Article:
Politics

Obama administration accused of inventing ‘phony and contrived’ crisis to cause air delays

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Alex Pappas
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      Alex Pappas

      Alex Pappas is a Washington D.C.-based political reporter for The Daily Caller. He has also written for The Washington Examiner and the Mobile Press-Register. Pappas is a graduate of The University of the South in Sewanee, Tenn., where he was editor-in-chief of The Sewanee Purple. While in college, he did internships at NBC's Meet the Press and the White House. He grew up in Mobile, Ala., where he graduated from St. Paul's Episcopal School. He and his wife live on Capitol Hill.

WASHINGTON — Republican lawmakers on Tuesday accused the Obama administration of a creating a “phony and contrived” crisis as travelers across the country face delays due to the Federal Aviation Administration’s furlough of air traffic controllers.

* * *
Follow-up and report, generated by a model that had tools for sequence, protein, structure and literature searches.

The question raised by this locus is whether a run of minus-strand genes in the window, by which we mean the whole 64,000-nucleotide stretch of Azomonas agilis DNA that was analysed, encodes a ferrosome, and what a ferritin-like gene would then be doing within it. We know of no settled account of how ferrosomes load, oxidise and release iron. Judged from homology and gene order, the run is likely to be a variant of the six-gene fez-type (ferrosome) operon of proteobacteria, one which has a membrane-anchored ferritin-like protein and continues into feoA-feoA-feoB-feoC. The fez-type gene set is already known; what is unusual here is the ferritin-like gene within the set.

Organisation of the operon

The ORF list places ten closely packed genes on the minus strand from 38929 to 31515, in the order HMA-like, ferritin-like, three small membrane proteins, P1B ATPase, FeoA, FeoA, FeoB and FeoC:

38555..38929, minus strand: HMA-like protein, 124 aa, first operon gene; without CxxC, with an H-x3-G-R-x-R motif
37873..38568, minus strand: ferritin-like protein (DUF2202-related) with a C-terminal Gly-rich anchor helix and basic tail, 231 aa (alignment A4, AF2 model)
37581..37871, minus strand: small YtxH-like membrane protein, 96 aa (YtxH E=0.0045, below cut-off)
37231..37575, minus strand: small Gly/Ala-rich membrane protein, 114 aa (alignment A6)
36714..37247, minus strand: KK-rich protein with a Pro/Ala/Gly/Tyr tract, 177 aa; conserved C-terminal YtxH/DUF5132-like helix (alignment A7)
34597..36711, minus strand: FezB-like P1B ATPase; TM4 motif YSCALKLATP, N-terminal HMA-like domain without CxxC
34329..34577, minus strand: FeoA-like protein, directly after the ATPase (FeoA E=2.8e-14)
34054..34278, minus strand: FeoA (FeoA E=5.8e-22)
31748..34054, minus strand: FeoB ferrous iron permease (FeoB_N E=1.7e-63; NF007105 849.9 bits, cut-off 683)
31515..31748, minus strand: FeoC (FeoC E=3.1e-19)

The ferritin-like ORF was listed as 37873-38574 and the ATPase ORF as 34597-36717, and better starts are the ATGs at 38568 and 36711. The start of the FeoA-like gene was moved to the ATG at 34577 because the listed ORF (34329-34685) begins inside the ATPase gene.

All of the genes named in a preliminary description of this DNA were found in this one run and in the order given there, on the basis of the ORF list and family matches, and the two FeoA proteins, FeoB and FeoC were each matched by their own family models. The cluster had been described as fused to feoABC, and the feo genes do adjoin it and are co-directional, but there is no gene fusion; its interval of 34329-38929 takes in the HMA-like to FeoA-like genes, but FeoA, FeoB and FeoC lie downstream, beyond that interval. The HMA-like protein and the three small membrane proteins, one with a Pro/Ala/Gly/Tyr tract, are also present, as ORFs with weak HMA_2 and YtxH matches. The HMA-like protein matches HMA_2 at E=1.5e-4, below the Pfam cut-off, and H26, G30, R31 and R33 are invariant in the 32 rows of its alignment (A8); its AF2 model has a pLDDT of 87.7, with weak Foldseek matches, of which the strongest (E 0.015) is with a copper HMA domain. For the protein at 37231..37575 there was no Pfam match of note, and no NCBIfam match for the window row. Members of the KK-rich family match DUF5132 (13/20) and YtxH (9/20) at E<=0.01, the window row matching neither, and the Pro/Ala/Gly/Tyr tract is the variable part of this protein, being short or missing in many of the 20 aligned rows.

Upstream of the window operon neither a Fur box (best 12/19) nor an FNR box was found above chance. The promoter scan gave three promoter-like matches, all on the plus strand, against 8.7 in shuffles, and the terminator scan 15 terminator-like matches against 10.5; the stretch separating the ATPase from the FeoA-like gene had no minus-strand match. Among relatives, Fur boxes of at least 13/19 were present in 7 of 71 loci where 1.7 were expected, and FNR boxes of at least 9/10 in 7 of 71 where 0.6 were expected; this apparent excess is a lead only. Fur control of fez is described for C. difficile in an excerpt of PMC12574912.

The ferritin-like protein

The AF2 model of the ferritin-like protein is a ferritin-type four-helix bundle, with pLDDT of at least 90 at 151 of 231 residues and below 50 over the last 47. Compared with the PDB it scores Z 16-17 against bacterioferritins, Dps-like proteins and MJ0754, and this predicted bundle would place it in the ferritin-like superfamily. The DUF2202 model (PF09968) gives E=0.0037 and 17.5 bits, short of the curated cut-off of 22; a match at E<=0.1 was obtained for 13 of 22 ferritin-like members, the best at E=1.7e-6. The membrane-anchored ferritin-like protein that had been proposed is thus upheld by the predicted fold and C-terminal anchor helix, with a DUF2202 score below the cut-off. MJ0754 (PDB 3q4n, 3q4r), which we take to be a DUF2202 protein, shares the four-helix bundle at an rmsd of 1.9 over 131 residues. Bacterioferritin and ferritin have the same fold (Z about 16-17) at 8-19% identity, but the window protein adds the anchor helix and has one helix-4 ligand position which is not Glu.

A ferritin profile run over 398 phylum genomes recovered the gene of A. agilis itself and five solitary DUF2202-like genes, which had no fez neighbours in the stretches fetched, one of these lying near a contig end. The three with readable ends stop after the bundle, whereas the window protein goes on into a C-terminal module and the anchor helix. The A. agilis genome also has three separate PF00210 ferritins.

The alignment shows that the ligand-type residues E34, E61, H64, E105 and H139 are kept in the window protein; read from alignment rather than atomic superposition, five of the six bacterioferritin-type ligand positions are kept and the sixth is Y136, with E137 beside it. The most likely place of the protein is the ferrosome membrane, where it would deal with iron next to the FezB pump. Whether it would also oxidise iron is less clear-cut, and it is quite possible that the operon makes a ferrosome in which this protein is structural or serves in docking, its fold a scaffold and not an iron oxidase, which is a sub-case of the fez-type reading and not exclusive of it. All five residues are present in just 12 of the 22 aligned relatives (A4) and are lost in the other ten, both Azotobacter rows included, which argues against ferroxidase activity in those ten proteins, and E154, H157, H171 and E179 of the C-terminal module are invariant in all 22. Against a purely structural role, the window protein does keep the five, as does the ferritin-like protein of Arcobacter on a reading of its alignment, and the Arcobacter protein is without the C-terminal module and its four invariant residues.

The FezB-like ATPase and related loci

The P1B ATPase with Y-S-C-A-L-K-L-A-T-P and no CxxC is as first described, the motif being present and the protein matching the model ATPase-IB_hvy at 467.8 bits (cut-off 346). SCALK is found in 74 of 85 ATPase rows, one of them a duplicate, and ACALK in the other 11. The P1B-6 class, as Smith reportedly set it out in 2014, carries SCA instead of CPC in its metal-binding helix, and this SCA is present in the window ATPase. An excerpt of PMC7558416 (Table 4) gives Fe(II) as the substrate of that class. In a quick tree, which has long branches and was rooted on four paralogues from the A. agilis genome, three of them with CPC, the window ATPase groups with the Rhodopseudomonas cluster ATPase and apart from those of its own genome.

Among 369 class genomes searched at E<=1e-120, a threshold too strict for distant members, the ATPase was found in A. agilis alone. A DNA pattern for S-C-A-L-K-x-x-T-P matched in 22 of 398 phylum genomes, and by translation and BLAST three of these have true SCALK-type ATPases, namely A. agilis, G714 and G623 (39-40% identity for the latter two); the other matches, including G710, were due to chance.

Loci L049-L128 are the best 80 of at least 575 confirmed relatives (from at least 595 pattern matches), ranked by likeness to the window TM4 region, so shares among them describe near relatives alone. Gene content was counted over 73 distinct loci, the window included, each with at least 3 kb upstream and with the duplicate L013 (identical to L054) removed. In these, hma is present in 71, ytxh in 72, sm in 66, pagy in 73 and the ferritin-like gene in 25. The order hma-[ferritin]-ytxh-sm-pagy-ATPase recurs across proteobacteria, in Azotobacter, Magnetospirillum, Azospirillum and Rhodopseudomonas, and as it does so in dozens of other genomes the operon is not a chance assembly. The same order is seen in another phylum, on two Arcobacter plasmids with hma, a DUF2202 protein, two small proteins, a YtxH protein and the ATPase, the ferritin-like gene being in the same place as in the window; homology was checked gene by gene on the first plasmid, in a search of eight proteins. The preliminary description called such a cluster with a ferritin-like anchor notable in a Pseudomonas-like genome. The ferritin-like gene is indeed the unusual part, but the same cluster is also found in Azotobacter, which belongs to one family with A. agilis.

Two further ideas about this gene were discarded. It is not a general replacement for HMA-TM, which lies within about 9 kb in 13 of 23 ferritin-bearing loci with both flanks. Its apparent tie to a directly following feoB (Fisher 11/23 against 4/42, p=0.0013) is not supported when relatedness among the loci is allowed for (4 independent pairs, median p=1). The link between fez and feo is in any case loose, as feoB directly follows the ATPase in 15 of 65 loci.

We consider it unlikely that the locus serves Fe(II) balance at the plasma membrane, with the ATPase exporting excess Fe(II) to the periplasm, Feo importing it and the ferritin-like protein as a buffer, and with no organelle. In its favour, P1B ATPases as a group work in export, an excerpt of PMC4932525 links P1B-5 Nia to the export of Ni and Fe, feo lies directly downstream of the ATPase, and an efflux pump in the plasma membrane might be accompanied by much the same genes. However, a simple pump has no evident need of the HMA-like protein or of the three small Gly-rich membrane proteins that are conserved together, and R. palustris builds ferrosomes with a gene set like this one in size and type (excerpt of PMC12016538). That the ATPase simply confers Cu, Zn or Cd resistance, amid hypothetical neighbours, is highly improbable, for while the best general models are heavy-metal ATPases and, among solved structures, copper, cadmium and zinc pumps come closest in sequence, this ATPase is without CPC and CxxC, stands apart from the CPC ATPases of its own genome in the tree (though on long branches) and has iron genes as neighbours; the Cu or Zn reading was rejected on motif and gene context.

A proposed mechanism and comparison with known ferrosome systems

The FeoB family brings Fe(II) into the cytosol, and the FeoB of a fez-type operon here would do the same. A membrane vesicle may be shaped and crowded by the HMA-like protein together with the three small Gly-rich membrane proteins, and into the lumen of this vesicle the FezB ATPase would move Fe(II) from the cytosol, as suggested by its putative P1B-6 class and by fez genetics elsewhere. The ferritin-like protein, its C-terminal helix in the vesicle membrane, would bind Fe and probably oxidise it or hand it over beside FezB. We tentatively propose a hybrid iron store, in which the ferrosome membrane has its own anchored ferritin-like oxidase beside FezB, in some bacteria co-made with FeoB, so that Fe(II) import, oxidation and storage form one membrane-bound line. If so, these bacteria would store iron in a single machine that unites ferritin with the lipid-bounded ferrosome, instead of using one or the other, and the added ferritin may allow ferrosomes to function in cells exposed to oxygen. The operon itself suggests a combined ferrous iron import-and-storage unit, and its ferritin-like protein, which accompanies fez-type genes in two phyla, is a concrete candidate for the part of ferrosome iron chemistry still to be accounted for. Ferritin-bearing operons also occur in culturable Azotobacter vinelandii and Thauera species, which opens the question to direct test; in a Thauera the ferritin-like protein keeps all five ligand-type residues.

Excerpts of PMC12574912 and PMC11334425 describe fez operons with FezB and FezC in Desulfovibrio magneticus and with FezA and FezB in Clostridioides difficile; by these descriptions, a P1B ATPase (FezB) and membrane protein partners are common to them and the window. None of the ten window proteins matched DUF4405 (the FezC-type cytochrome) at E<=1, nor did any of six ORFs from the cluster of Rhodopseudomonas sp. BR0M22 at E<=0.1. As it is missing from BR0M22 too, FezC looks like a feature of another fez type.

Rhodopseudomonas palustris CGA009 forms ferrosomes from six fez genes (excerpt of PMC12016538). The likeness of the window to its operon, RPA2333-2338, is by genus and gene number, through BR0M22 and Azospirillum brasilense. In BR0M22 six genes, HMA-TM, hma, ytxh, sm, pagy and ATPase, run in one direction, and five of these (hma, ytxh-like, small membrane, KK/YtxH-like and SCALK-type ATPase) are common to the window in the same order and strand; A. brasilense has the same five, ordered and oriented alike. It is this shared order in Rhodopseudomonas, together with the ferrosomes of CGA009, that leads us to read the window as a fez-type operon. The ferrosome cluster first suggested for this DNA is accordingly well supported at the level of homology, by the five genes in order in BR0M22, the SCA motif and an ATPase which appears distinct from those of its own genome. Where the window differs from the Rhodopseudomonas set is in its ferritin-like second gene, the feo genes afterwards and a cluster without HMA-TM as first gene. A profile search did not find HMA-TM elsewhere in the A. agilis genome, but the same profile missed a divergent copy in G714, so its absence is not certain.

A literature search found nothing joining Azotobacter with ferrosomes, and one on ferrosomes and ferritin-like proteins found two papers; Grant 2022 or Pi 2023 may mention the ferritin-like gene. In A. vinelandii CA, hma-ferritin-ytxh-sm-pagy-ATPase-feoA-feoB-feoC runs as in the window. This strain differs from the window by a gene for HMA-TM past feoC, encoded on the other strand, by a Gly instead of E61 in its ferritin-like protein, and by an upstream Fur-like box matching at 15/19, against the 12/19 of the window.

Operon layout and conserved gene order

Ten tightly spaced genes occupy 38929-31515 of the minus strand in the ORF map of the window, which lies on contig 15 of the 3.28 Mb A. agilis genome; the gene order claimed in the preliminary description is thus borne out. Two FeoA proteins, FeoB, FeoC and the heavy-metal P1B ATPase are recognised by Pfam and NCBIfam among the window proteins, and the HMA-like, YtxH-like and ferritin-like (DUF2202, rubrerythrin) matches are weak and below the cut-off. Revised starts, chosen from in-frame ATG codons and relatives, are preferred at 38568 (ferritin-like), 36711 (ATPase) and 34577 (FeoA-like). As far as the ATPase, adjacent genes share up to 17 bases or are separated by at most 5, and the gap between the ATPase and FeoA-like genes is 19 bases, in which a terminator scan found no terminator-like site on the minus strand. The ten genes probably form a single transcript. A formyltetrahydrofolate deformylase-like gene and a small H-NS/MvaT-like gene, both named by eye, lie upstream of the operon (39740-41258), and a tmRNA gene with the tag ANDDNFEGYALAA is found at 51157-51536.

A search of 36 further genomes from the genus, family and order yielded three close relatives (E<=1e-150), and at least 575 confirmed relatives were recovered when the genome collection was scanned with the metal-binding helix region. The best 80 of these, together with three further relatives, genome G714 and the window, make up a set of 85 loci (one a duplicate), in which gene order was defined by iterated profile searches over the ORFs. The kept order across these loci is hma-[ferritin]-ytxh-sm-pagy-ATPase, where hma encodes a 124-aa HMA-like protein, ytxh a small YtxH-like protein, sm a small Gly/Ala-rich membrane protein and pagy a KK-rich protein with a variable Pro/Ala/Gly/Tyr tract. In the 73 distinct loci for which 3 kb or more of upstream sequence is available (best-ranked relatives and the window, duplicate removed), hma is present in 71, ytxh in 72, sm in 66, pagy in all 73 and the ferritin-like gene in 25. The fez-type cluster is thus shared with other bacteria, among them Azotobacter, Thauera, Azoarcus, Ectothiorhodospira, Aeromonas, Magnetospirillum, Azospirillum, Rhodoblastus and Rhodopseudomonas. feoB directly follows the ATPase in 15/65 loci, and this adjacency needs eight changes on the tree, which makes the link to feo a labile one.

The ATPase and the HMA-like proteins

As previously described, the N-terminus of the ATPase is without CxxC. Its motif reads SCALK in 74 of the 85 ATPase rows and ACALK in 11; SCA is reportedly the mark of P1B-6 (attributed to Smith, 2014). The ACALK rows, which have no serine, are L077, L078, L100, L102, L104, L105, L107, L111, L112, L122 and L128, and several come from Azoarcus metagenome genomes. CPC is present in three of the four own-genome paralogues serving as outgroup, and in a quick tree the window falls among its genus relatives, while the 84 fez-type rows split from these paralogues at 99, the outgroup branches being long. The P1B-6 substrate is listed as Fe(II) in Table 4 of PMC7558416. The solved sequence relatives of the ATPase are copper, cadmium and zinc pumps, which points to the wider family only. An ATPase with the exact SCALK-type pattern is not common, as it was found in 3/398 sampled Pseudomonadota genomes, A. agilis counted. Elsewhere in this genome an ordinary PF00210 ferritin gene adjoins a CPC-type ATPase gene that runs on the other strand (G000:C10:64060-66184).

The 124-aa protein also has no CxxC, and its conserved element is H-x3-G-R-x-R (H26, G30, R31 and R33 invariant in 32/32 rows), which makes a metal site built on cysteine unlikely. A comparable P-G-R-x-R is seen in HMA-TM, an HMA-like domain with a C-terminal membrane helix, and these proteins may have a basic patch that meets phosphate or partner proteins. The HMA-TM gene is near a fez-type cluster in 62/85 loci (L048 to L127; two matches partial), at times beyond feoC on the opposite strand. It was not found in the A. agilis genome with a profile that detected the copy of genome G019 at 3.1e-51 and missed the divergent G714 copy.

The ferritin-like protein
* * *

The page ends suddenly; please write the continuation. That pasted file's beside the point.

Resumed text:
“It smells,” South Dakota Sen. John Thune told reporters in the Capitol on Tuesday. “It smells of politics.”

The FAA implemented furloughs of its air traffic controllers on Sunday, citing the recent automatic budget cuts known as sequestration, which went into effect earlier this year. Republicans accuse the administration of cutting things that would inconvenience average Americans in order to portray the cuts as worse than they really are.

“You can only conclude — just like the shutting down of the White House tours during Spring Break — it’s meant to impact the most negative way possible on the air traveling public,” Texas Sen. John Cornyn said.

Cornyn called the cuts “phony and contrived.”

Likewise, Maine Sen. Susan Collins called it “a manufactured crisis.”

“There are many options that the FAA itself and the Department of Transportation as a whole has to avoid this impact — this disastrous impact — on the traveling public,” she said.

Thune called the cuts “unnecessary,” and listed other areas the agency could cut that wouldn’t affect air controllers, such as its $541 million yearly budget for consulting contracts, $179 million budget for travel expenses, and $134 million budget for office supplies.

“You would think that there would be more priority items that they could choose to cut,” he said.

In a statement Tuesday, the FAA said that more than 1,200 delays in the system were caused by the furlough on April 22 alone.

“Travelers can expect to see a wide range of delays that will change throughout the day depending on staffing and weather-related issues,” the agency said.

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